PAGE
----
Udall, Bipartisan Group of Senators Seek Answers from DNI Clapper on Bulk Data Collection Program
The recent public disclosures of secret government surveillance programs have exposed how secret interpretations of the USA PATRIOT Act allow for the bulk collection of massive amounts of data on the communications of ordinary Americans with no connection to wrong-doing. Reliance on secret law to conduct domestic surveillance activities raises serious civil liberty concerns and all but prevents the public from engaging in an informed national security and civil liberty debate.
In order to foster that debate, Senator Mark Udall, who serves on the U.S. Senate Select Committee on Intelligence, and a bipartisan group of 25 other senators, sent a letter pressing Director of National Intelligence James Clapper to publicly provide information about the duration and scope of the bulk phone-records collection program and provide examples of its effectiveness in providing unique intelligence, if such examples exist.
"We are concerned that by depending on secret interpretations of the PATRIOT Act that differed from an intuitive reading of the statute, this program essentially relied for years on a secret body of law," Udall and his colleagues wrote in the letter. This and misleading statements by Intelligence officials have "prevented our constituents from evaluating the decisions that their government was making, and will unfortunately undermine trust in government more broadly. The debate that the President has now welcomed is an important first step toward restoring that trust."
The senators expressed their concern that the PATRIOT Act bulk collection program itself has a significant impact on the privacy of law-abiding Americans and that the same "business records" authority under the PATRIOT Act that has been interpreted to allow this bulk collection could be used for the bulk collection of records beyond phone metadata. For example, this authority could be used to give the government access to private financial, medical, consumer and firearm sales records, along with other information. In addition to raising concerns about the law's scope, the senators noted that keeping the official interpretation of the law secret and the instances of misleading public statements from executive branch officials have prevented the American people from engaging in an informed public debate about national security and domestic surveillance.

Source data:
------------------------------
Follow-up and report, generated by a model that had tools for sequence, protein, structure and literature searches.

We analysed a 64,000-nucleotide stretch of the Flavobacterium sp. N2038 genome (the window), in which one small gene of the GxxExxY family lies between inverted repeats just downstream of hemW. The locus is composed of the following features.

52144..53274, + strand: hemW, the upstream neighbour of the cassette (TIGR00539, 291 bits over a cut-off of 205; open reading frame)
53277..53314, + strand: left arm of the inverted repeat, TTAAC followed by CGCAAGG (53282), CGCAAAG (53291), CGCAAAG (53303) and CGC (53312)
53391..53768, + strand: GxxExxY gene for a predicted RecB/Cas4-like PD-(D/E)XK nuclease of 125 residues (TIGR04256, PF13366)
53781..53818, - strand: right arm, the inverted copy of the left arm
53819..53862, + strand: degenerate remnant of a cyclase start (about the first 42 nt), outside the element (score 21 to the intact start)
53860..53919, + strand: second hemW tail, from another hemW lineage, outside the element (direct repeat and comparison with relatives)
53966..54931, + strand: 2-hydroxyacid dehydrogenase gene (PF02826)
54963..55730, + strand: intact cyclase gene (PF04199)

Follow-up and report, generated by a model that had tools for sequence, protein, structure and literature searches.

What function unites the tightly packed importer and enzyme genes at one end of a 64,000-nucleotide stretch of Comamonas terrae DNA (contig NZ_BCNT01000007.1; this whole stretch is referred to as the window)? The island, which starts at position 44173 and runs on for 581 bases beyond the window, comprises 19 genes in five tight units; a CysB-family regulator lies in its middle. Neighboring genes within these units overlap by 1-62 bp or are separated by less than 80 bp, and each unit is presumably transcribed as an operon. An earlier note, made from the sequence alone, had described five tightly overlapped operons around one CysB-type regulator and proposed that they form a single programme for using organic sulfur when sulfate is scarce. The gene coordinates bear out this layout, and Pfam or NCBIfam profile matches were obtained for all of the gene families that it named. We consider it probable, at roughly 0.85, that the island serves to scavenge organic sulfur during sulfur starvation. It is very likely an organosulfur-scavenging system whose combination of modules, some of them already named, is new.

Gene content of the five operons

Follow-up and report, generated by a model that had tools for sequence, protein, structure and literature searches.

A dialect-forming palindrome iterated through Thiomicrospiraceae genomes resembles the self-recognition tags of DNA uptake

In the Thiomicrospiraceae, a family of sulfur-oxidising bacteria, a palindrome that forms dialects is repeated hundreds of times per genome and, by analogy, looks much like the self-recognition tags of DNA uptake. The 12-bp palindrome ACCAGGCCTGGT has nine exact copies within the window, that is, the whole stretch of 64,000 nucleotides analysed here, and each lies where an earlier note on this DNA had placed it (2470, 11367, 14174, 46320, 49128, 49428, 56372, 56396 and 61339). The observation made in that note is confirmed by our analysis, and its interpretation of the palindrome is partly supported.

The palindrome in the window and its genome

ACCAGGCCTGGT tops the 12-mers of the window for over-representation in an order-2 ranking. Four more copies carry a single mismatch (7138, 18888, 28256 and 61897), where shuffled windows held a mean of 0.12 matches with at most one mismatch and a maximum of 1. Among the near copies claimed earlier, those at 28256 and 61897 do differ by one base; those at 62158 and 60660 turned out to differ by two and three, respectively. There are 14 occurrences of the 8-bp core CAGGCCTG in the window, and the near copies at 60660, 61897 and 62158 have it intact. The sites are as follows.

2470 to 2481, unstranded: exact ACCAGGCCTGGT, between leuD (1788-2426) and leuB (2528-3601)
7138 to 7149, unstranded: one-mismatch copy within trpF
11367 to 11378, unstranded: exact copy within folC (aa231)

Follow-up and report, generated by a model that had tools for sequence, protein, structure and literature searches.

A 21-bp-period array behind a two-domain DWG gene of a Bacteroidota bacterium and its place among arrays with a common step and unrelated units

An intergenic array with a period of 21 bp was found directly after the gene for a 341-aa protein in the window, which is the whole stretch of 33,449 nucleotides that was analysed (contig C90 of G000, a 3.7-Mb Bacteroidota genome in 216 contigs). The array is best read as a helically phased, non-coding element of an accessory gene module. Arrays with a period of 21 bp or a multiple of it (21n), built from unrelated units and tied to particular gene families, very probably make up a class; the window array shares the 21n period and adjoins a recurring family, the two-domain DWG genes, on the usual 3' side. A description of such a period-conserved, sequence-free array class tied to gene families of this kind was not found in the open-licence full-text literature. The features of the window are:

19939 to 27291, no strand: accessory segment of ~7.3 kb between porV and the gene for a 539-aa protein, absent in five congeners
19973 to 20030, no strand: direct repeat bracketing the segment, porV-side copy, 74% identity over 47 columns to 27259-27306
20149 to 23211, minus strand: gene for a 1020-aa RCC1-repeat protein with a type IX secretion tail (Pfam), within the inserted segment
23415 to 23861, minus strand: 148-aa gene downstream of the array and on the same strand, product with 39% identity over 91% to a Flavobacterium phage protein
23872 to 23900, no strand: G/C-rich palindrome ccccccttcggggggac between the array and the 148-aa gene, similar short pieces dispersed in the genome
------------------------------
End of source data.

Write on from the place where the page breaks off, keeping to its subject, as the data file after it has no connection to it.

The senators are seeking public answers to the following questions in order to give the American people the information they need to conduct an informed public debate.
- How long has the NSA used PATRIOT Act "business records" authorities to engage in bulk collection of Americans' phone records? Was this collection underway when the law was reauthorized in 2006?
- Has the NSA used PATRIOT Act authorities to conduct bulk collection of any other types of records pertaining to Americans, beyond phone records?
- Has the NSA collected or made any plans to collect Americans' cell-site location data in bulk?
- Have there been any violations of the court orders permitting this bulk collection, or of the rules governing access to these records? If so, please describe these violations.
- Please identify any specific examples of instances in which intelligence gained by reviewing phone records obtained through the PATRIOT Act bulk collection program proved useful in thwarting a particular terrorist plot.
- Please provide specific examples of instances in which useful intelligence was gained by reviewing phone records that could not have been obtained without the bulk collection authority, if such examples exist.
- Please describe the employment status of all persons with conceivable access to this data, including IT professionals, and detail whether they are federal employees, civilian or military, or contractors.
The Senators signing the letter are: Mark Udall (D-Colo.), Ron Wyden (D-Ore.), Lisa Murkowski (R-Alaska), Pat Leahy (D-Vt.), Mark Kirk (R-Ill.), Dick Durbin (D-Ill.), Tom Udall (D-N.M.), Brian Schatz (D-Hawaii), Jon Tester (D-Mt.), Jeanne Shaheen (D-N.H.), Dean Heller (R- Nev.), Mark Begich (D-Alaska), Bernie Sanders (I-Vt.), Patty Murray (D-Wash.), Jeff Merkley (D-Ore.), Mazie Hirono (D-Hawaii), Al Franken (D-Minn.), Tom Harkin (D-Iowa), Chris Coons (D-Del.), Maria Cantwell (D-Wash.), Richard Blumenthal (D-Conn.), Max Baucus (D-Mont.), Elizabeth Warren (D-Mass.), Martin Heinrich (D-N.M.), Tammy Baldwin (D-Wisc.) and Mike Lee (R-Utah).